I stand by my assertion, suggested by the criticism of the first sentence following, my point in the last sentence of this. “This lens descends into condescension even when purporting to extend recognition to the communities in question: "Fortuitouslymany impoverished potters are highly skilled."; "They tend to be entirely capable of production...".
 
I am incredulous of criticism.  The criticism is more apt to be what is condescending.  The potters’ skills is fortuitous because ceramics and the high temperature processes are at the starting point of industry and prosperity that could industrialize their
countries.  Is this not fortuity??  Perhaps I should have re-iterated the point about industrialization as well.  Since I have no doubt that the critics are well intentioned, I can only imagine that I have not properly articulated my points.
 
As my expertise that I cite, please note that in 2011, USAID paid most of my way to the Conference of the Partnership for Clean Indoor Air, in Lima, Peru.  There I was told by the FHI360 facilitator that the insulating ceramic rocket stove of my poster presentation (and postings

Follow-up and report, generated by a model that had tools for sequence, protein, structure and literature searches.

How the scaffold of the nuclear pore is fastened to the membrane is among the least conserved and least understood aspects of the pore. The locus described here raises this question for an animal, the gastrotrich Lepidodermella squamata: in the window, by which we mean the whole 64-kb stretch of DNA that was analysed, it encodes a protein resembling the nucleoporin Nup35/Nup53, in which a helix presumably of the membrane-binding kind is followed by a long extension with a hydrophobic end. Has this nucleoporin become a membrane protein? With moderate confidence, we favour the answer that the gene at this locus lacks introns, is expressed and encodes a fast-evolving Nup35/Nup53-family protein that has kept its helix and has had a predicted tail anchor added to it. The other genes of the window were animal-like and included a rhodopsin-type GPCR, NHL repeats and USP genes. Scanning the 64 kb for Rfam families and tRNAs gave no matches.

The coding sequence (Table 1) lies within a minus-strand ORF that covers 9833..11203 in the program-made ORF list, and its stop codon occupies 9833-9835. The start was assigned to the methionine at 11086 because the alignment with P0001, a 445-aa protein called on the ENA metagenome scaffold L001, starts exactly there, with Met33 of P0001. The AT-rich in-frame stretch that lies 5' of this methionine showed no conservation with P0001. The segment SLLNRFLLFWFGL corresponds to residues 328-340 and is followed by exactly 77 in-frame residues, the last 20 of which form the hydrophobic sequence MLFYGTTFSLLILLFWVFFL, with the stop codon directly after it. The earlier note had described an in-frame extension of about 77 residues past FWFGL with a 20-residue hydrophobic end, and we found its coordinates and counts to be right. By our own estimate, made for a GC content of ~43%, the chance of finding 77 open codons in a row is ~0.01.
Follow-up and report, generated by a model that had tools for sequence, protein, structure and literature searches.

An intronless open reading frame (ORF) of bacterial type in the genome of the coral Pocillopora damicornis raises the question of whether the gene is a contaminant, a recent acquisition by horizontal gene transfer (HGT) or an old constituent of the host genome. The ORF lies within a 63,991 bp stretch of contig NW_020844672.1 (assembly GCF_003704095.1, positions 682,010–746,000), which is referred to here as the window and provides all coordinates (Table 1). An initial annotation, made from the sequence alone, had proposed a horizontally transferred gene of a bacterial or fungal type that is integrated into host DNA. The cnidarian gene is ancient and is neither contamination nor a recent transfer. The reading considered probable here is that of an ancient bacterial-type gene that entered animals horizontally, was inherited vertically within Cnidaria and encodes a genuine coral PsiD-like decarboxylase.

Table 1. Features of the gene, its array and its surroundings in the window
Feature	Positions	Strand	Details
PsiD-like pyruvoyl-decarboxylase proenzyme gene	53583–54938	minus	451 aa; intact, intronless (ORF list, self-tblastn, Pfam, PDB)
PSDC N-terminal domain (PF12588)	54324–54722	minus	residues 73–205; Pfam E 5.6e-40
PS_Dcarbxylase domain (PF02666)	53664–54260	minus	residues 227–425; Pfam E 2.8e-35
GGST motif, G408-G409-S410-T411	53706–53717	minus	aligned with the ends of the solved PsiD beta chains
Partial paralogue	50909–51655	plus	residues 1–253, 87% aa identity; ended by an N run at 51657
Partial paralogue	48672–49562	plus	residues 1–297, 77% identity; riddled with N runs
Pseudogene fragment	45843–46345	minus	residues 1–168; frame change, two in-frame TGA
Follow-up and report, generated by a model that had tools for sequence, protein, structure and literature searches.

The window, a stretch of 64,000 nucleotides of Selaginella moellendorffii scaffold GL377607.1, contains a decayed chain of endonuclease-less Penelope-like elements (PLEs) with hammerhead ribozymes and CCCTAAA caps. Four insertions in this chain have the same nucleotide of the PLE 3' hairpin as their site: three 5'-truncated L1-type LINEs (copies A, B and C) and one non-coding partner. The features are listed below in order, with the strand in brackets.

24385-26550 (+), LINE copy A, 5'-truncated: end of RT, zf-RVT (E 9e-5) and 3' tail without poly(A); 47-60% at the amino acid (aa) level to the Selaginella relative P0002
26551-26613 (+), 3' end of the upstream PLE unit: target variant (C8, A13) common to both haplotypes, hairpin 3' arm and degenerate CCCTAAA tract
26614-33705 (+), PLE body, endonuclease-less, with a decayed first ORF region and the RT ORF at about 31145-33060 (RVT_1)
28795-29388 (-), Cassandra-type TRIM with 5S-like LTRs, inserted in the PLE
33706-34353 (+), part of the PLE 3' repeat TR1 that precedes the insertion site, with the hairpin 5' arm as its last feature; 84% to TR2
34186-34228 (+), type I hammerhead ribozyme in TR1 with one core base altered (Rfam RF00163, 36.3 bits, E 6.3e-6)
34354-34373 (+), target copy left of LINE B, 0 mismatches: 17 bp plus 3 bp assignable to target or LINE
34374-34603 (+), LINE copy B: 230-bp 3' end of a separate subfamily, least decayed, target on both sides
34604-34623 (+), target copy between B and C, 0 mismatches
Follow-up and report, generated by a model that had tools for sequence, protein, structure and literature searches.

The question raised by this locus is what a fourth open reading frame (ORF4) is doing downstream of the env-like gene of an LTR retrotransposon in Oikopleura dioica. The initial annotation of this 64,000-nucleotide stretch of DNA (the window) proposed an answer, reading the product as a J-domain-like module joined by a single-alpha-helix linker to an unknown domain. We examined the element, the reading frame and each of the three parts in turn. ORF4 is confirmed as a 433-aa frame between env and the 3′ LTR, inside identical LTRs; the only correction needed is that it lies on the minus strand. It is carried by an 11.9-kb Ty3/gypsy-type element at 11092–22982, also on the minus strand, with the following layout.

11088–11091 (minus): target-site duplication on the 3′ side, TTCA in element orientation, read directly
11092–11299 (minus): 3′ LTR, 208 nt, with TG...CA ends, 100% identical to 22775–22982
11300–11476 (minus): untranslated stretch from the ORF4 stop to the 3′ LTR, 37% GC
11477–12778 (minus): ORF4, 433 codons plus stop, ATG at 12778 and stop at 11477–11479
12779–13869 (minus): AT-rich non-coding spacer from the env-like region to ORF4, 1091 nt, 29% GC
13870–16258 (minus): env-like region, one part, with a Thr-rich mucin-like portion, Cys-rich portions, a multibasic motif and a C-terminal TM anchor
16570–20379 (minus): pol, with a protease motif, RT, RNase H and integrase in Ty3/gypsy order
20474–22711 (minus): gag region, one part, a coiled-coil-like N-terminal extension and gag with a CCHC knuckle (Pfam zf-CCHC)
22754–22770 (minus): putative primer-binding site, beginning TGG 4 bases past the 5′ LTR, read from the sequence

here) was the stove they wanted.  Up to the time that we built the first of these stoves, in Nairobi in 2007, I had done energy efficient stove workshops and consultancies in Guinea, Senegal, Ghana, Chad, Cameroon and Indonesia.  The current small project with the insulating rocket stoves in Tanzania is one that I helped start in 2016.  My work was along with GTZ in Guinea with others mentioned in consulting with Winrock International and EnterpriseWorks.
 
Please take these insulating rocket stoves seriously.  When I refer to the capacity of the poor I should perhaps say, ‘the extreme poor.’  The livelihoods implicit to these ceramic interventions, and the many new and diverse products made possible, could be
their best guarantee of surviving the effects of the pandemic.  The stoves and the water filters of their work could prevent the children of their communities getting sick and dying.  I apologize if my choice of words is preventing people seeing this!  Please, please, this is urgent!  Please inquire with any questions.
All the best,
Reid
Anthony Reid Harvey, ceramic industrial designer
Niagara Falls, NY USA